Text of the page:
Spain has abandoned any pretence of respecting private property rightsMake Text Bigger
Recently I have been getting to know some landlords in Spain. I think it’s good for us to network with others – to support each other if nothing else.
The Spanish landlords have been explaining to me quite how bad it is for them now. They have a huge problem – an epidemic of squatting – divided into two categories:
- ‘Okupas’ – the type of squatters who kick the door in to your property (even if it is your only property/your home) and then live there for years, while the owners pay all the bills (which the squatters deliberately run up as high as they can).
- ‘Inquiokupas’ – what we call ‘non-paying tenants’, although some landlords rightly do call them squatters as well. The pattern here is apparently to pay the first month’s rent and then stop. Again the owner has to spend years trying to get rid of them, again paying all the bills.
Of course, we now face a comparable problem in the UK with the second category – now that the Government has handed control of our properties over to non-paying tenants for up to 2 years or more. JUSTICE FOR LANDLORDS! – Property118
One of these landlords, Pilar Damian, has given me permission to post here a letter which she tried to get into the British national newspapers. She warns the British against investing in a country which now seems to have abandoned any pretence of respecting the private property rights which underpin our Western democracies.
Warning to all English people with properties in Spain
Spain has become a squatters’ paradise due to the laxity of the relevant legislation. In just fifteen minutes, the time a squatter needs to change a lock, an owner can be left homeless for up to two years or more.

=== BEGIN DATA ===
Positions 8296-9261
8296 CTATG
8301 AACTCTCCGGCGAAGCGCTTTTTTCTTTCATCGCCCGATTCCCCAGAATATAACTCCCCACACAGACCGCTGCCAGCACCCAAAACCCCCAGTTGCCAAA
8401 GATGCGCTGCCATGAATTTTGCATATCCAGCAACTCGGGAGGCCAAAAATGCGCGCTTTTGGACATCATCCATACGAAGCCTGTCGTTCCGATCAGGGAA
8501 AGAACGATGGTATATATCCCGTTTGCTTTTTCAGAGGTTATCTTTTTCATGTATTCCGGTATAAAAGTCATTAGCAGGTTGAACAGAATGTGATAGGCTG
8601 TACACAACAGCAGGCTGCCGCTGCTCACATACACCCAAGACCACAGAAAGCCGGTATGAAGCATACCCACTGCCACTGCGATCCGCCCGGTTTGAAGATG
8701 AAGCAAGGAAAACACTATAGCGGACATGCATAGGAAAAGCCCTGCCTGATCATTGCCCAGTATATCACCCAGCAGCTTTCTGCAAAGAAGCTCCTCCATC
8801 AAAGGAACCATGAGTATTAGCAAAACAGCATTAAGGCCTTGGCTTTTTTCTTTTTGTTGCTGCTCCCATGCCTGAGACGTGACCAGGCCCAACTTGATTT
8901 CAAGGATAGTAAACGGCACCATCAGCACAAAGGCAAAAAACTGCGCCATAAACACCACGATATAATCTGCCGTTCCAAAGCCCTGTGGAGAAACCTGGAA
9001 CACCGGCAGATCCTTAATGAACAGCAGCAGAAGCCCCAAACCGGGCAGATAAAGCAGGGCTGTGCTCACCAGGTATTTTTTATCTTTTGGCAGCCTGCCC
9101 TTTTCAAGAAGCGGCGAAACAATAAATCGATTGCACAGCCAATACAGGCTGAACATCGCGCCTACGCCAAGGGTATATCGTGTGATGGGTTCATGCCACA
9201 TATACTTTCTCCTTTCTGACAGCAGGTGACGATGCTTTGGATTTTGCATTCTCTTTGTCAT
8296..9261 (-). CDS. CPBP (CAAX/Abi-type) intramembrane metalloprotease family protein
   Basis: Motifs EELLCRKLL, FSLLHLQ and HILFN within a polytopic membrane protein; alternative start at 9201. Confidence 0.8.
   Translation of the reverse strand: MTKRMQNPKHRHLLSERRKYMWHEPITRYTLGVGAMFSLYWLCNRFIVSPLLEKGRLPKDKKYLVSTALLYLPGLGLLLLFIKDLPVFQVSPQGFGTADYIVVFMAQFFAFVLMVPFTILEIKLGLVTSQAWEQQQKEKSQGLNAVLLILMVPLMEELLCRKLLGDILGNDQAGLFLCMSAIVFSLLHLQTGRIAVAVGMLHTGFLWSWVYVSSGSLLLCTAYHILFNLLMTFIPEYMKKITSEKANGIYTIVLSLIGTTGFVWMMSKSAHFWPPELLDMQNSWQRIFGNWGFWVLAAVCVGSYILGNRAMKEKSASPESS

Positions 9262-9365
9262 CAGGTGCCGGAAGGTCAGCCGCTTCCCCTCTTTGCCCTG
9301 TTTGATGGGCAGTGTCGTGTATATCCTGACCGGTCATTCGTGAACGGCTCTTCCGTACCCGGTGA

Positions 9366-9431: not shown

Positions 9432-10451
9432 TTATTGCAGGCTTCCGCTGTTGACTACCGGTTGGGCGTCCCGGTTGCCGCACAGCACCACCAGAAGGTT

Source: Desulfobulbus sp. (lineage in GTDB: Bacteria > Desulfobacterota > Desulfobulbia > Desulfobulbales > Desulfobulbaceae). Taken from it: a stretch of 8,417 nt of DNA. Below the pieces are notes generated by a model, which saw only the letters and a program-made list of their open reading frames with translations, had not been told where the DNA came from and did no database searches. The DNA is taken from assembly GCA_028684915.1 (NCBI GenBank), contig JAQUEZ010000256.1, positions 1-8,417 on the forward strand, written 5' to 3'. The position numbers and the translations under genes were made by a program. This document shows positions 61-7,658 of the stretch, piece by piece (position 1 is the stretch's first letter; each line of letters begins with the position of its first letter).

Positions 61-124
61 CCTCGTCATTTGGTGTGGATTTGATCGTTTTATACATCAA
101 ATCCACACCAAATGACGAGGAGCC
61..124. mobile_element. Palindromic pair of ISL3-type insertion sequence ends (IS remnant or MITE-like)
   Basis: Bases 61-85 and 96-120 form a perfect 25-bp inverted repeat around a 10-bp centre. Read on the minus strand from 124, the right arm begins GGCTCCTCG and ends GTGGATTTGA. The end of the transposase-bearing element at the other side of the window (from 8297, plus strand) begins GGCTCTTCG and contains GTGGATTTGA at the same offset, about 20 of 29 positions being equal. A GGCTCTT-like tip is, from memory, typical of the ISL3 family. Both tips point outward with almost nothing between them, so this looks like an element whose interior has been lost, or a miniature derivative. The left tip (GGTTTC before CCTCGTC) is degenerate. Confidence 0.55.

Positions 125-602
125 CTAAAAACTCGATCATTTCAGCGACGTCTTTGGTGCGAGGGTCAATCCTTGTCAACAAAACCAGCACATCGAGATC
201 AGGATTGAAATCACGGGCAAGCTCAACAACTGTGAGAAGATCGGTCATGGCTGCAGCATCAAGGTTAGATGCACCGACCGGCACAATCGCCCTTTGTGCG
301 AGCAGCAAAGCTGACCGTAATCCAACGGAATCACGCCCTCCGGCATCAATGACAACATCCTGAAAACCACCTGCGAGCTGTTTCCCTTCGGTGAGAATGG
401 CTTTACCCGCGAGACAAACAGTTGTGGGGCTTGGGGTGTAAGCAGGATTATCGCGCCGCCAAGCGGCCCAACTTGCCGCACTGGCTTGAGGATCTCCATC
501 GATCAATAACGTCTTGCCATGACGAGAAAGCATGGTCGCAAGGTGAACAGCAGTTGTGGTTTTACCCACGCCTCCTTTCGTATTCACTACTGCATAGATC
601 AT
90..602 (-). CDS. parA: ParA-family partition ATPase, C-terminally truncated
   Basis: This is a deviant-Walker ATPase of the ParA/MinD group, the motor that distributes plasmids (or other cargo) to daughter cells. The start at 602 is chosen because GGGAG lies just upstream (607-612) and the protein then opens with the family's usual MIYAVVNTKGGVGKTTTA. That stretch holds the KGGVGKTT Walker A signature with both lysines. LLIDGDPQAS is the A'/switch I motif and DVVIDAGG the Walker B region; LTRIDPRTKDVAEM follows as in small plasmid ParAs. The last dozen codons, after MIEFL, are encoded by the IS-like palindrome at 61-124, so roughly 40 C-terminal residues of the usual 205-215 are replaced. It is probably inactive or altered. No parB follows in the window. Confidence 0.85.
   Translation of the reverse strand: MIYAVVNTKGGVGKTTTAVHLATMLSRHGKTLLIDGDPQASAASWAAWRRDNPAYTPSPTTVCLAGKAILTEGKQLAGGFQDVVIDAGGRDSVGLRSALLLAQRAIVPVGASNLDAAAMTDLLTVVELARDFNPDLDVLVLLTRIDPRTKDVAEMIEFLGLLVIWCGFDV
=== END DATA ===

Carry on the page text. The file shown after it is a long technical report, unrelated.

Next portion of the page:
Did you know that in Spain, if squatters occupy your home:
– It makes no difference that you own the house or that it is your usual home.
– The owner loses all rights over it.
– You also lose all rights to your most personal possessions. Nothing inside the house can be recovered.
If the owner disturbs them or cuts off their supply of water or electricity, (the owner is obliged to keep paying for them), the squatters will report it and the owner will have to pay compensation. The owner will be taken to court with the corresponding legal costs but the squatters will have legal aid lawyers, so it will be free for them.
During the first week of occupation of my house, the squatters installed internet. As soon as they can provide one utility bill with the squatter’s name at the invaded address, the city hall is obliged by law to register them as residents. While the court procedures for eviction are taking place, the property is officially the home of the squatters, and they can get income support and public benefits.
Mafias are organising much of the squatting. When the mafia know that the day of eviction is coming, they’ll sell the key for €500 to €2,000 to another squatter, and the whole process begins again with a different accused person, so you can lose your house for years. They are no longer looking for abandoned houses. They look for houses in good condition with appliances and facilities, such as nearby schools or parking spaces. My squatters own two cars.
While the normal eviction process can take up to 2 years, a new legal procedure for “express” eviction now exists. It takes 3 or 4 months in normal times (much longer now with coronavirus) and is very costly to the owner. Despite being Spanish and knowing the language and institutions of the country I am still struggling to get my house back. I cannot imagine the hell that an English citizen would have to go through.
This is a growing problem in this country, causing much suffering to owners and disruption to neighbourhoods, but the government seems reluctant to act to prevent the abuses and extortions that this has generated.
I am a 62-year-old midwife, working in the health sector throughout the pandemic and my house is the only property that I own. This has been my experience and the experience of many families across the country.
No matter the economic or social status of the location, whether you own a flat, house or villa, this can happen to anyone in Spain during a weekend or a holiday. And it happens too often. It is important that UK citizens are alerted to this situation, especially at this time when travel to visit their properties has been disrupted.
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